Students who begin their educational journeys in four-year colleges and universities often move across institutions in pursuit of a degree. Moreover, approximately 40 percent of undergraduates today (and about 50 percent of those attending public institutions) begin their education in community colleges. The majority of community college students aspire to earn bachelor’s degrees, which necessitates transfer to a four-year institution. The pervasiveness of student mobility raises many questions about the possibilities and challenges of movement across institutions.
The federal government has thus far largely been a silent observer of the challenges students face in the transfer process. There are several steps it could take to improve the process and reduce time to degree for students. First, it should facilitate the development of common definitions of transfer and mandate data collection efforts. Second, it could provide incentives for institutions to improve transfer rates. Many community colleges across the country are voluntarily building partnerships with four-year institutions. The federal government should support these endeavors with seed grants.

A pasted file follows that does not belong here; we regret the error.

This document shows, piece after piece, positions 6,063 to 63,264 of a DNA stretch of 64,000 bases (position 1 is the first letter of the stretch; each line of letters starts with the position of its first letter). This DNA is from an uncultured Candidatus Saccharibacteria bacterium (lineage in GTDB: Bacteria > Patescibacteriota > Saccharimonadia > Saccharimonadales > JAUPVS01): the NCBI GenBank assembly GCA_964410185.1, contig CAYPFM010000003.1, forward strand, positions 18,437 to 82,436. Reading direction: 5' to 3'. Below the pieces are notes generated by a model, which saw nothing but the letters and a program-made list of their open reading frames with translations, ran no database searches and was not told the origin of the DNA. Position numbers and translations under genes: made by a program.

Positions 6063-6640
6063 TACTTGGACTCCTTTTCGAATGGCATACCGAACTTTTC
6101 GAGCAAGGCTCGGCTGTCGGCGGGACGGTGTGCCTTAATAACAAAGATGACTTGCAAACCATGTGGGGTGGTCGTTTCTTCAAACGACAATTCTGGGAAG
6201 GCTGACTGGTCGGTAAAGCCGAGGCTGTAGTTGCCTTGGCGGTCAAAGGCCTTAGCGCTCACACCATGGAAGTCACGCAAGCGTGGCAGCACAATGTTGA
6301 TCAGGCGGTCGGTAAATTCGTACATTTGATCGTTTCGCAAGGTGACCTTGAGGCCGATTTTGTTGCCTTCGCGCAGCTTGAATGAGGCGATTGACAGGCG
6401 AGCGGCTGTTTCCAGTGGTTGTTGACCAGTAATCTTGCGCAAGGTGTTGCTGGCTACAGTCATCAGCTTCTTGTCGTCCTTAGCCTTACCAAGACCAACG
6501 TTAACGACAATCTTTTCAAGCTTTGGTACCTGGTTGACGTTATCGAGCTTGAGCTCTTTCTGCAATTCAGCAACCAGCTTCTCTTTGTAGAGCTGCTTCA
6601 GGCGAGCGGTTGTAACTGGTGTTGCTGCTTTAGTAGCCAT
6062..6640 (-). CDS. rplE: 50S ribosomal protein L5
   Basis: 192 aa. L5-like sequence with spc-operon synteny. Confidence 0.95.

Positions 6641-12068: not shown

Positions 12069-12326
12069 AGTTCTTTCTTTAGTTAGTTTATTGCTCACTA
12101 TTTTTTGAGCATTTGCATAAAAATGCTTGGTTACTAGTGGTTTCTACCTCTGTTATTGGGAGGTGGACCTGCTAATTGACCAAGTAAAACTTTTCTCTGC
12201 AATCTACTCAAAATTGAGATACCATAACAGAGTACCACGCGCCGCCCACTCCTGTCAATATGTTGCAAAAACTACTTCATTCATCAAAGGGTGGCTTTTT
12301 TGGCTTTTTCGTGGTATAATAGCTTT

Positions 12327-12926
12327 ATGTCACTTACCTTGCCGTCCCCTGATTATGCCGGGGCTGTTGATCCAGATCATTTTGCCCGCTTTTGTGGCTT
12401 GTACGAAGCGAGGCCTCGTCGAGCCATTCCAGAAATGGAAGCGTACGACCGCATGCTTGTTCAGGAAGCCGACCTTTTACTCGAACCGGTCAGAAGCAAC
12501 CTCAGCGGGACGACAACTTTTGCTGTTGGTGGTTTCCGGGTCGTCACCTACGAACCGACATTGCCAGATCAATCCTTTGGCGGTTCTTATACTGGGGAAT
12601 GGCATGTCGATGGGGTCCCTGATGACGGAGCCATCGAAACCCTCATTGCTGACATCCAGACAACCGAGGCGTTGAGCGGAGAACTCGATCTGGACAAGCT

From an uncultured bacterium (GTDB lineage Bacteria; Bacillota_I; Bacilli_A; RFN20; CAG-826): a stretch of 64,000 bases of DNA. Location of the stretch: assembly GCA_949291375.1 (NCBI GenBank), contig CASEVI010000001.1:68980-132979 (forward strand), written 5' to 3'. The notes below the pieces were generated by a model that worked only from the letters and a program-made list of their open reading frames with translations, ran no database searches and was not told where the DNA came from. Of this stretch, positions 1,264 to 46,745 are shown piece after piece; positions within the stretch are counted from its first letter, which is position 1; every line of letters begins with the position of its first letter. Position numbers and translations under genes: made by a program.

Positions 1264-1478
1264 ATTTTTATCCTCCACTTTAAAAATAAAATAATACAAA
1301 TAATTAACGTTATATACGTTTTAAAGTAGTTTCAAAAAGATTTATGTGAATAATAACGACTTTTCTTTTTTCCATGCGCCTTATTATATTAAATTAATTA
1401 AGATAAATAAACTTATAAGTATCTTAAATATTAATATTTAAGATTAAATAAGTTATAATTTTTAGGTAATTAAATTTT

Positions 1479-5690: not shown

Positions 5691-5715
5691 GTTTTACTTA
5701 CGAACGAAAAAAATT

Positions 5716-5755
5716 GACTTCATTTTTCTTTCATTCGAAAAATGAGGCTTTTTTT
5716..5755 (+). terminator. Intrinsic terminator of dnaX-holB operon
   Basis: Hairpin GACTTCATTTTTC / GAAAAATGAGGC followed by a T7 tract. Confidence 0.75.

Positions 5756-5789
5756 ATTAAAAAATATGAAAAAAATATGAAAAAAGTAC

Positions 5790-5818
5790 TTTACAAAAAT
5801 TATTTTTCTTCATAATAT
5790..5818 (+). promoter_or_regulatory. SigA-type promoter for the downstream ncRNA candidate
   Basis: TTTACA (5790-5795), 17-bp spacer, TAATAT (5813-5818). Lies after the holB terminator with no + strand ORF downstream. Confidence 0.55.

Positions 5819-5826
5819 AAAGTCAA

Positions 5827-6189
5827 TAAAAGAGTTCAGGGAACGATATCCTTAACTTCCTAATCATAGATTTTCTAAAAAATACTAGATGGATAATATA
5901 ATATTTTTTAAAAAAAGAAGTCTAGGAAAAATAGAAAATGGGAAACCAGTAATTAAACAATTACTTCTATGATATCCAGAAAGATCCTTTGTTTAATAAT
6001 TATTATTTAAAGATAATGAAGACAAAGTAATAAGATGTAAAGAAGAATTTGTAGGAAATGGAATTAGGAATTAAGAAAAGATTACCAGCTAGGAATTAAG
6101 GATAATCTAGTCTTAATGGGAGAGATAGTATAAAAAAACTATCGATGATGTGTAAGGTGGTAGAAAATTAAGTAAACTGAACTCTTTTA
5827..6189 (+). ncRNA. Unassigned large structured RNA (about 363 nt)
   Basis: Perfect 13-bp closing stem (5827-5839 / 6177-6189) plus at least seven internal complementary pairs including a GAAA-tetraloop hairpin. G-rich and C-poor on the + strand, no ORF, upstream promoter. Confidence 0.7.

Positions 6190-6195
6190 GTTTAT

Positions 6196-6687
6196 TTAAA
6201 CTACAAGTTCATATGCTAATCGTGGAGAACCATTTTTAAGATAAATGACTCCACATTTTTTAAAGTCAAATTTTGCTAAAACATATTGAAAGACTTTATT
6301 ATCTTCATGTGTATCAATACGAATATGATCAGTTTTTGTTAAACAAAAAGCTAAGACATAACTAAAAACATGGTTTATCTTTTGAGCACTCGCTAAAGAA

Third, working with states would simplify the transfer process. Encouraging states to develop a common core of courses that are transferable across all public institutions would greatly reduce the apparent confusion as to what counts as transfer credit. This would not only eliminate inefficiencies in time and effort on the part of students and institutions but also trim educational costs.
Finally, efforts to improve the outcomes associated with transfer need to be accompanied by widespread, meaningful, and sustained academic advising. While institutions should certainly have the autonomy to determine their academic programs and what is required of students, all schools should have sufficient resources to devote time and attention to providing all students with information on course and program selection and linkages to future employment.
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